These studies have indeed shown how age diversity can have different effects on employee engagement, and there is a need for further distinction between engaging older employees and engaging younger employees. There might be no one size fits all approach to employee engagement. Employers need to have knowledge about the underlying differences in working conditions between younger and older workers in order to effectively engage their employees. It will also be useful to note some similarities in the factors. For example, supervisor support and recognition, schedule satisfaction and job clarity can increase engagement in both types of workers, leading to easier implementation of policies or practices for leaders. One can see the benefits of having these different distinctions in both a theoretical and practical way. It will be helpful to see other differences between younger and older workers in future research.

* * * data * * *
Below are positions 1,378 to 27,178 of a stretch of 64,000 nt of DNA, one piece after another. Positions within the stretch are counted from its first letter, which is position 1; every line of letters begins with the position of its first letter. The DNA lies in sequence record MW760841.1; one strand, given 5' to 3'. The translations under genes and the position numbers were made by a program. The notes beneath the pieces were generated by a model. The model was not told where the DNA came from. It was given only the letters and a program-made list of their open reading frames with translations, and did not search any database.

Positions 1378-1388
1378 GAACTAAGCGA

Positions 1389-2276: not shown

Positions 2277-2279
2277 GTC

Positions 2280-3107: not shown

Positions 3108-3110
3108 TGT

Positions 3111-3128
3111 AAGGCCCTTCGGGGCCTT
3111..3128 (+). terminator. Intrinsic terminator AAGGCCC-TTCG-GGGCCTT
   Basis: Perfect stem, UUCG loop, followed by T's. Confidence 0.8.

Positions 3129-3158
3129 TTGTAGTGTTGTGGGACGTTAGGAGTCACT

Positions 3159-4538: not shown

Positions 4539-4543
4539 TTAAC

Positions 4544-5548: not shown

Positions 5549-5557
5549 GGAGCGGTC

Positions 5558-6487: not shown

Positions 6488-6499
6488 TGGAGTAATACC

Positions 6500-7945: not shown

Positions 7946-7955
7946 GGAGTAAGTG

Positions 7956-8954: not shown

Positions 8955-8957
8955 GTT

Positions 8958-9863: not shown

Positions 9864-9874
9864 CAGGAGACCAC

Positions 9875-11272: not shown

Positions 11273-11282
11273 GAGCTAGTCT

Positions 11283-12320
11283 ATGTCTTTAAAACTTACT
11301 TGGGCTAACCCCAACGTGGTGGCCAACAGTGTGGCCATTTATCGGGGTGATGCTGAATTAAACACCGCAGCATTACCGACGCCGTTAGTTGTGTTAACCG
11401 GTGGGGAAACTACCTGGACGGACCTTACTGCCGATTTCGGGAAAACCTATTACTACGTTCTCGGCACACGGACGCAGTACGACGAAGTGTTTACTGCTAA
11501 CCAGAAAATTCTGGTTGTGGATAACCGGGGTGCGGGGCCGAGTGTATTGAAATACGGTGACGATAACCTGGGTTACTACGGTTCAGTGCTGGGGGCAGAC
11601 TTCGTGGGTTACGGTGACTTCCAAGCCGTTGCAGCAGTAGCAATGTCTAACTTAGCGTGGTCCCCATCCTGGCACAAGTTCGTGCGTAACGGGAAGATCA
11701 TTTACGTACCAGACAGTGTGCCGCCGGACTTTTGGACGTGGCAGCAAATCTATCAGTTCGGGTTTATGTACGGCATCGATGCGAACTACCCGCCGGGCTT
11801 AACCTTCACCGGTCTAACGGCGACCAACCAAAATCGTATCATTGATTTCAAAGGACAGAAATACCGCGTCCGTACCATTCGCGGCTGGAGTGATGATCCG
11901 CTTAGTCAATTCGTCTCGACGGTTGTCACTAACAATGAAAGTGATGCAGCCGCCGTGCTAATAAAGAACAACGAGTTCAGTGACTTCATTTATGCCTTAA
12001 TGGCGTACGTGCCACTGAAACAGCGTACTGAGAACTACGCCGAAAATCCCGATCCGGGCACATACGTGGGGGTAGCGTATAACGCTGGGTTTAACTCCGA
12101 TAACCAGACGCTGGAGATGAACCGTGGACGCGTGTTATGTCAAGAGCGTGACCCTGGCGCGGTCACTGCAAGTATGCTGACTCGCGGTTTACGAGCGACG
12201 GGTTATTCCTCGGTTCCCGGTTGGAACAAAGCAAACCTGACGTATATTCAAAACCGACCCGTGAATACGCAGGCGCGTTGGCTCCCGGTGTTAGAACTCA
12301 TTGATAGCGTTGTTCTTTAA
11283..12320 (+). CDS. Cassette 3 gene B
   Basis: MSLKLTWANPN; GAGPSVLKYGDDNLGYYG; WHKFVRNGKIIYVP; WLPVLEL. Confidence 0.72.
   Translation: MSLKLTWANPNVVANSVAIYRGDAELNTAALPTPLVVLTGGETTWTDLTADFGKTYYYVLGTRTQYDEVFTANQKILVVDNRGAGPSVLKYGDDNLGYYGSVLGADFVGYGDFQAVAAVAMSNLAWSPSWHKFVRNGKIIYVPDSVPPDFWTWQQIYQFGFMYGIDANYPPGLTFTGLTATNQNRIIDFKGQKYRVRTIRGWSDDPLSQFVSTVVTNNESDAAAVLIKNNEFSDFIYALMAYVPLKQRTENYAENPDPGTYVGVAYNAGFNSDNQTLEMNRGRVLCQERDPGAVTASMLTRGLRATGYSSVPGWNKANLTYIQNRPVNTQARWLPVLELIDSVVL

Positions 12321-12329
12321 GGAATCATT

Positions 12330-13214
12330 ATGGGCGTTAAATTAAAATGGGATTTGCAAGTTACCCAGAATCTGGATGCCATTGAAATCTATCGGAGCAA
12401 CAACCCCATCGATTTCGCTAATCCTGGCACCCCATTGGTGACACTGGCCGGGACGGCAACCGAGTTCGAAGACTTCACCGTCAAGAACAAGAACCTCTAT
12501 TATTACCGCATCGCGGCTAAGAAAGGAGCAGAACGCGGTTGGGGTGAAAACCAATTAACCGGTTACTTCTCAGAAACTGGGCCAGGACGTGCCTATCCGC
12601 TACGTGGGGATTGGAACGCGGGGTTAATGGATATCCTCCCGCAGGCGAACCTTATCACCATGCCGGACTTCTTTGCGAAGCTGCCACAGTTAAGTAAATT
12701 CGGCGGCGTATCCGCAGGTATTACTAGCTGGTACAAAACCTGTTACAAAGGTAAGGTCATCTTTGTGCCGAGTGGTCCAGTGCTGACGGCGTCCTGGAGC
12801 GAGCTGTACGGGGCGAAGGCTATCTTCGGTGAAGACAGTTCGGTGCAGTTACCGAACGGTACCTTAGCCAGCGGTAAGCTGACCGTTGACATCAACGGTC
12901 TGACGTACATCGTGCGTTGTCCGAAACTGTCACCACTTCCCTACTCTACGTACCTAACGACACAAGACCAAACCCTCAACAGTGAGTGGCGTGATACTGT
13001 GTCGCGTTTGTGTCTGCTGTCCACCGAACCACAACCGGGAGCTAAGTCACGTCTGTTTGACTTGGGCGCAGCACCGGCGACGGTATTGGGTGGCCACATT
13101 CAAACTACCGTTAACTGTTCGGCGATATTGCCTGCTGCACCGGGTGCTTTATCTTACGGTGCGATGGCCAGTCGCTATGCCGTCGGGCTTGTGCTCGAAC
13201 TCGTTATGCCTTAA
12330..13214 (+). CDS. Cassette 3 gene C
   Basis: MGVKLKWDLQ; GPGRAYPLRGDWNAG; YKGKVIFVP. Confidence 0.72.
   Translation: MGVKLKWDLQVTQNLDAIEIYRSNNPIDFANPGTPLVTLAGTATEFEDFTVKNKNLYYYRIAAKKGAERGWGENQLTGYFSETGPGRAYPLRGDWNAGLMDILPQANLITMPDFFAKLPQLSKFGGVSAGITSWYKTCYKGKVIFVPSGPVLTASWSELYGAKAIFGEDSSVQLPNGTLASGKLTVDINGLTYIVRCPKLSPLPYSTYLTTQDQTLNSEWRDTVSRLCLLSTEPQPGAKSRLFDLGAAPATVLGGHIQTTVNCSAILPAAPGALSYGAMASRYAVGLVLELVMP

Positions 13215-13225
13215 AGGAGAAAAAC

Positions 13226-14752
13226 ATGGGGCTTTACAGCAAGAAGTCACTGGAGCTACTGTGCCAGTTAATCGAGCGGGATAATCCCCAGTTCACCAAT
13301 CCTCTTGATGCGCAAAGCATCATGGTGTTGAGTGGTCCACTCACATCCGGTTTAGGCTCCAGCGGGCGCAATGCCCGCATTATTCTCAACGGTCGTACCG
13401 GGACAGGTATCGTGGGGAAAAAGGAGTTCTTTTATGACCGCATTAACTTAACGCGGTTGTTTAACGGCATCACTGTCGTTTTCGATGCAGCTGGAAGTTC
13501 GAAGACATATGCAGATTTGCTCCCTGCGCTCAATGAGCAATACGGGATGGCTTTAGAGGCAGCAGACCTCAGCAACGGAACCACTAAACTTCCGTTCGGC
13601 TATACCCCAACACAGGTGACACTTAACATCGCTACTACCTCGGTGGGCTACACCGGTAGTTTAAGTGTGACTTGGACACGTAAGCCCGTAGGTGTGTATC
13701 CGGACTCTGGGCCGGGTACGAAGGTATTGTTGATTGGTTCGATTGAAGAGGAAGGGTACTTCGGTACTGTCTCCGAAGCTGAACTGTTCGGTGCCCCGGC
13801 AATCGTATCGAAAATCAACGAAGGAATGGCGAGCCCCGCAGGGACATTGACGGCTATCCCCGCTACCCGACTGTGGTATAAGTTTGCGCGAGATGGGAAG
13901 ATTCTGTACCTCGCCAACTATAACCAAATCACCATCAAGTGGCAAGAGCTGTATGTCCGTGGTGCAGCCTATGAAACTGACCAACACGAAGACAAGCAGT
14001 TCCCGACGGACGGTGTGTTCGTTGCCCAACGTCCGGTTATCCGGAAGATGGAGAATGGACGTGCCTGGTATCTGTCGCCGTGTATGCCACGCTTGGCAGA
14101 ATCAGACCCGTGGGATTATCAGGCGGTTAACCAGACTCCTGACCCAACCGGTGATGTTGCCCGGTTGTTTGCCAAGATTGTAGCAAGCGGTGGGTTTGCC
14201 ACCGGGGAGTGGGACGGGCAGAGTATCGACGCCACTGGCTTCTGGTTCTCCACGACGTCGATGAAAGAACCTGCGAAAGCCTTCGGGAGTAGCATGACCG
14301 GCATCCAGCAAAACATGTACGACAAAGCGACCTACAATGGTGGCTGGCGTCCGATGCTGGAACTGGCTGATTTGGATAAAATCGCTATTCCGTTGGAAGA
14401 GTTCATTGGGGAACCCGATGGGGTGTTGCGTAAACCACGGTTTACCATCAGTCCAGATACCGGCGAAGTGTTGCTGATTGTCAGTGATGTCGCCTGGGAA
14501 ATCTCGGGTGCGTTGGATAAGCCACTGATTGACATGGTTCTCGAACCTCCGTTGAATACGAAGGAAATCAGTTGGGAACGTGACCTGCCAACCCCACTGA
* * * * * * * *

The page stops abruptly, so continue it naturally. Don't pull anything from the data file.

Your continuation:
Thanks for reading!


James, J. B., Mckechnie, S., & Swanberg, J.   (2011). Predicting employee engagement in an age-diverse retail workforce. Journal   of Organizational Behavior, 173-196.

Pitt-Catsouphes, M., & Matz-Costa, C. (2008). The   multi-generational workforce: Workplace flexibility and engagement. Community,   Work & Family, 215-229.

Zaniboni, S., Truxillo, D. M., & Fraccaroli, F.   (2013). Differential effects of task variety and skill variety on burnout and   turnover intentions for older and younger workers. European Journal of   Work and Organizational Psychology, 306-317.